Mention the term "alkaline battery" and folks of a certain generation will remember the old Eveready battery commercials with actor Robert Conrad daring the viewer to knock the battery off his shoulder. Very macho. Now, alkaline has moved from manliness to money-saving, as the fine folks at Princeton University have been granted almost $1 million from the US Department of Energy to develop alkaline batteries suitable for electric-vehicle use, Princeton Patch reports.

Specifically, the amount granted was $963,389 (the government's never been about even numbers) and is one of nearly two-dozen grants totaling about $36 million towards what the DOE calls its Robust Affordable Next Generation Energy Storage Systems program (get it?). The idea is that alkaline is a more abundant and less expensive alternative to the lithium required for the lithium-ion batteries currently used in most advanced plug-in vehicles. Various analysts came out last year saying that battery-pack costs could drop to about $250 per kilowatt hour by 2015, down from as much as $700 last year, so the question is whether that target can be hit and if the Ivy Leaguers can beat it.

Pictured above is Lew Urry from Energizer, holding up an original alkaline battery first marketed in 1958 (and a 2002 model). Urry helped develop the first commercially viable alkaline battery.


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    • 1 Second Ago
  • 23 Comments
      Jesse Gurr
      • 7 Hours Ago
      Umm...Unless they made a huge breakthrough in rechargeable alkaline battery tech then I don't see this happening when the original rechargeable alkalines only had a life cycle of 20 cycles if deeply discharged. With less and less capacity after every charge. Sure they are relatively cheap, but unless the cycle life improved, this is not happening.
        Actionable Mango
        • 7 Hours Ago
        @Jesse Gurr
        So don't deeply discharge them. Lithium rechargeable batteries have a life cycle of 1 if deeply discharged. EVs have sensors to detect the voltage and cut off power before the batteries are too deeply discharged.
      kaylaanna
      • 7 Hours Ago
      until I looked at the check which was of $5595, I didn't believe ...that...my brother had been truley bringing in money in their spare time from there pretty old laptop.. there best friend haz done this 4 only about 20 months and just now paid the loans on their place and got a great new Audi Quattro. reference ᵂᵂᵂ.xurℒ.es/qstxq
      jeff
      • 7 Hours Ago
      I would not trust any article that states that Lithium batteries were $700/KWhr last year??????? I paid about $400/Kwhr for the ones in my car last year. Considering that I only bought 36 180Ahr cells I do not think I got the volume discount.... The upgrade in the Tesla Model S from 60KWhr to 85Kwhr is $10,000. That works out to $400.00 per KWhr assuming that Tesla DOES NOT make a profit on the upgrade (Which I highly doubt)... My guess is the Tesla's cost for batteries is currently about $300/KWhr... This looks like complete BS to me...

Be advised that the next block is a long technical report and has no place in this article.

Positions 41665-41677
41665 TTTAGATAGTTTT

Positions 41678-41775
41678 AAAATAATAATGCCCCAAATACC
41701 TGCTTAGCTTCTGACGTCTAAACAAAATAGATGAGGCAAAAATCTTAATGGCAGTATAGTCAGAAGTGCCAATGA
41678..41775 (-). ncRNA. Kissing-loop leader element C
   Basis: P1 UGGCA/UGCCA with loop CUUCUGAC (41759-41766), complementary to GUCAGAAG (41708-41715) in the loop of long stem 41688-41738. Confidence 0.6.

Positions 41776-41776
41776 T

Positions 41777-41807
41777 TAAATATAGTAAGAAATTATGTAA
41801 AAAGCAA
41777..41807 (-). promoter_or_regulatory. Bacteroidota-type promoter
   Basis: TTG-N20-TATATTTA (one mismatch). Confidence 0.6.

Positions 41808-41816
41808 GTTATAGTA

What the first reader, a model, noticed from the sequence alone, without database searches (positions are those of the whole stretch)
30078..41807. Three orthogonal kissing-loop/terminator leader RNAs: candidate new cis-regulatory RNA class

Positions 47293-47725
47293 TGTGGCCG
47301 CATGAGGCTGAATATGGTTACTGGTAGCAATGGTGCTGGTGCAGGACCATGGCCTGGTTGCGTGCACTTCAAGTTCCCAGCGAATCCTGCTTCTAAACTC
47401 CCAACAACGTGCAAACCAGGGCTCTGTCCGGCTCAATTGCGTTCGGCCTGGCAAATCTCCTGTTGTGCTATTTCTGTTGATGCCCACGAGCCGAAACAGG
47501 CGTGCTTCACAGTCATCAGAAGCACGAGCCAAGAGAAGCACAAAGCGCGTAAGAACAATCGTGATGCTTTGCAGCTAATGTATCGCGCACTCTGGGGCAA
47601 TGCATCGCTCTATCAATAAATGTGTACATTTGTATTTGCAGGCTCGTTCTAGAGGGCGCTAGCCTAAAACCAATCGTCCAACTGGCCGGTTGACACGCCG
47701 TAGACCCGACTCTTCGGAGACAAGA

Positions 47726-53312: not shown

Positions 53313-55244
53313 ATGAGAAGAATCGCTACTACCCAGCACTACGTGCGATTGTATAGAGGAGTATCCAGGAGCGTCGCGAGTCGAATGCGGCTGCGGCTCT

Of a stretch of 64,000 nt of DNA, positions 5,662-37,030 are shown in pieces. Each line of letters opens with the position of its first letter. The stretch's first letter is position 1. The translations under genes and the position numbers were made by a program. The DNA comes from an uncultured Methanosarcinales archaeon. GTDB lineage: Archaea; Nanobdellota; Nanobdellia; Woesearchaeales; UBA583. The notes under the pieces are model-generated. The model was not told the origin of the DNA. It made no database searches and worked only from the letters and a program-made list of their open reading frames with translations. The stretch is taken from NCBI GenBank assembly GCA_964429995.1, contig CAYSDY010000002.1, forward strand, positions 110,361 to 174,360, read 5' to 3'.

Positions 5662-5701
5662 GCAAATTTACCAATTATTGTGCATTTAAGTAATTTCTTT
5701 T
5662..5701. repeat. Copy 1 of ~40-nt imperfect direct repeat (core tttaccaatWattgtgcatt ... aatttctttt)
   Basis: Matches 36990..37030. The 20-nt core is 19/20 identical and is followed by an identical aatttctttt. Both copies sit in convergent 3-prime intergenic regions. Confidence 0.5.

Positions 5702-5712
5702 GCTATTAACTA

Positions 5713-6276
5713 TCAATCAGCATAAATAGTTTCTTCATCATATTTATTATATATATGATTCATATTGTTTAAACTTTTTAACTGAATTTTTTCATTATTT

TurboFroggy
      • 7 Hours Ago
      Uh, rechargeable right? I don't want to have to buy a pallet of Energizers from Costco every 100 miles for my Leaf.
      Naturenut99
      • 7 Hours Ago
      We drastically need better rechargeable AA AAA's. If they haven't been able to improve them for that application, how are they going to improve it enough for EV's? I dont believe they develop this into a comparable energy density/weight as Li. And the price on Li batteries is still dropping. Why do they still think it's a viable alternative?
        Actionable Mango
        • 7 Hours Ago
        @Naturenut99
        In my experience modern rechargeables such as Eneloops actually have a higher capacity and longer life than Alkalines.
        SteveG
        • 7 Hours Ago
        @Naturenut99
        Are eneloops not good enough for you? They work fine for me. Practically no self discharge, suitable for even remotes and clocks. Also they can actually provide decent voltage at high discharge amps. What more do you want?
      EZEE
      • 7 Hours Ago
      Very close... Alkaline batteries are a type of primary batteries dependent upon the reaction between zinc and manganese dioxide (Zn/MnO2). The alkaline battery gets its name because it has an alkaline electrolyte of potassium hydroxide, instead of the acidic ammonium chloride or zinc chloride electrolyte of the zinc-carbon batteries. Other battery systems also use alkaline electrolytes, but they use different active materials for the electrodes
      lne937s
      • 7 Hours Ago
      "The idea is that alkaline is a more abundant and less expensive alternative to the lithium required for the lithium-ion batteries ..." Alkaline is a property (as opposed to acidic), pH over 7, not a material. Comparing it to the lithium that makes up a small fraction of the cost of a battery shows a fundamental misunderstanding of chemistry, in addition to misunderstanding where the cost comes from in a Li-Ion battery. There may me some potential alkaline battery chemestries that are less expensive than Lithium Ion, and undoubtedly there are some chemistries that are more expensive.